The first documented usage of the term “Master Bedroom” was in a 1926 Sears, Roebuck and Co catalog. Since the publication of this catalog, the word “Master” has been commonly used to describe the largest bedroom and bathroom in a home.
Over the years, concerns about the use of the term “Master” have been raised due to its sexist and racist undertones. But it wasn’t until recently that we began to see broad shifts and organizations stepping up to change the vocabulary. After some of its members expressed concerns over the term, The Houston Association of Realtors was the first industry group to stop using “master bedroom”. On June 15th, 2021, Houston’s multiple listing service started using the word “primary” to describe the largest bedroom and bathroom in a listing.
The Real Estate Standards Organization (RESO) followed suit in July when the organization decided to replace “master” with “primary” in its Data Dictionary. The RESO Data Dictionary is the real estate industry's universal language for data – used by MLS’ and other organizations as the standard for real estate terms.
In the RESO announcement, they stated, “While use of this terminology by real estate professionals has been reviewed and cleared of discriminatory violations by the U.S. Department of Housing and Urban Development, consumer and professional concerns have remained, prompting some marketplaces to use alternatives.”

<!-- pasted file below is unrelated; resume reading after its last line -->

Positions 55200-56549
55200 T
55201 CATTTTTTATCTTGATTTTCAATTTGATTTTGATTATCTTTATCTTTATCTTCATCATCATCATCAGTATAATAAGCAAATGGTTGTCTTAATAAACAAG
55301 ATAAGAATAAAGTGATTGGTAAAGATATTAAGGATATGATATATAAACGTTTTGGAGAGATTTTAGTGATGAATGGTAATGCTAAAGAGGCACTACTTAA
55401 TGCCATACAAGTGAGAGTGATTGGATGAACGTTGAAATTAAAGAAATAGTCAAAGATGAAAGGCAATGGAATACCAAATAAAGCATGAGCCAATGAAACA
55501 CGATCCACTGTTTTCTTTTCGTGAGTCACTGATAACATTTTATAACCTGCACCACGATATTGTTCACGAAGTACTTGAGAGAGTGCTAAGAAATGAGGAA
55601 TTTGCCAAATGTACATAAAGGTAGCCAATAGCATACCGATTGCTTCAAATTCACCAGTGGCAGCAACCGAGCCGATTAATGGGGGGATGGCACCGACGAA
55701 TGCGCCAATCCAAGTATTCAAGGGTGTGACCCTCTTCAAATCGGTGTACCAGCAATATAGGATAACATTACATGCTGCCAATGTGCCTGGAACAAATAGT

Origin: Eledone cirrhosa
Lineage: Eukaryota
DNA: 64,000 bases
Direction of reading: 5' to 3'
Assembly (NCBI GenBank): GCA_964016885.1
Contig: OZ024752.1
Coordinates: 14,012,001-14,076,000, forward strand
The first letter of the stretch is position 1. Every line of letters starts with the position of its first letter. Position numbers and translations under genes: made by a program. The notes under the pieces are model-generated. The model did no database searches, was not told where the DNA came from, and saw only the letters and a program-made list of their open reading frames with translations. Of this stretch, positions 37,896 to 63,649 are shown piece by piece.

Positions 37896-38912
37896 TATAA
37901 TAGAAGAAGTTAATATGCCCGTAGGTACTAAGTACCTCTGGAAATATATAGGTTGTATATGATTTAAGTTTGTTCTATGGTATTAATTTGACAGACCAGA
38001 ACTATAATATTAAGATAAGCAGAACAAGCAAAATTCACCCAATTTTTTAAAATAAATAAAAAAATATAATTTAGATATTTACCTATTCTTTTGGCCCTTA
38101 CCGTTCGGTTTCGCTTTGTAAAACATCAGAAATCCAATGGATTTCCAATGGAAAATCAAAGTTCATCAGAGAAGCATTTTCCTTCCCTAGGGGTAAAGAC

The real estate industry isn’t the only place we are seeing changes. Other industries are doing away with the term "master" as well. In the tech world, we’ve seen GitHub, the world's biggest site for software developers, drop the coding term "master” in favor of “main” in their system. In academia, the process of removing the word master started years ago. In 2016, Harvard changed the term "house masters," to "faculty deans" after students protested.
So what does this mean for the building industry? We are seeing our industry shift the language we are using on our floor plans and in new home marketing to describe the largest bedroom and bathroom in the home as “Primary”. Changing this language is not the solution against sexual or racial discrimination, but it is an important step toward change.
To make this transition as easy as possible for our clients, BDX is offering a special rate of just $15 to update your digital floor plans to reflect the word “Primary” instead of “Master”. Reach us at email@example.com today to get started.
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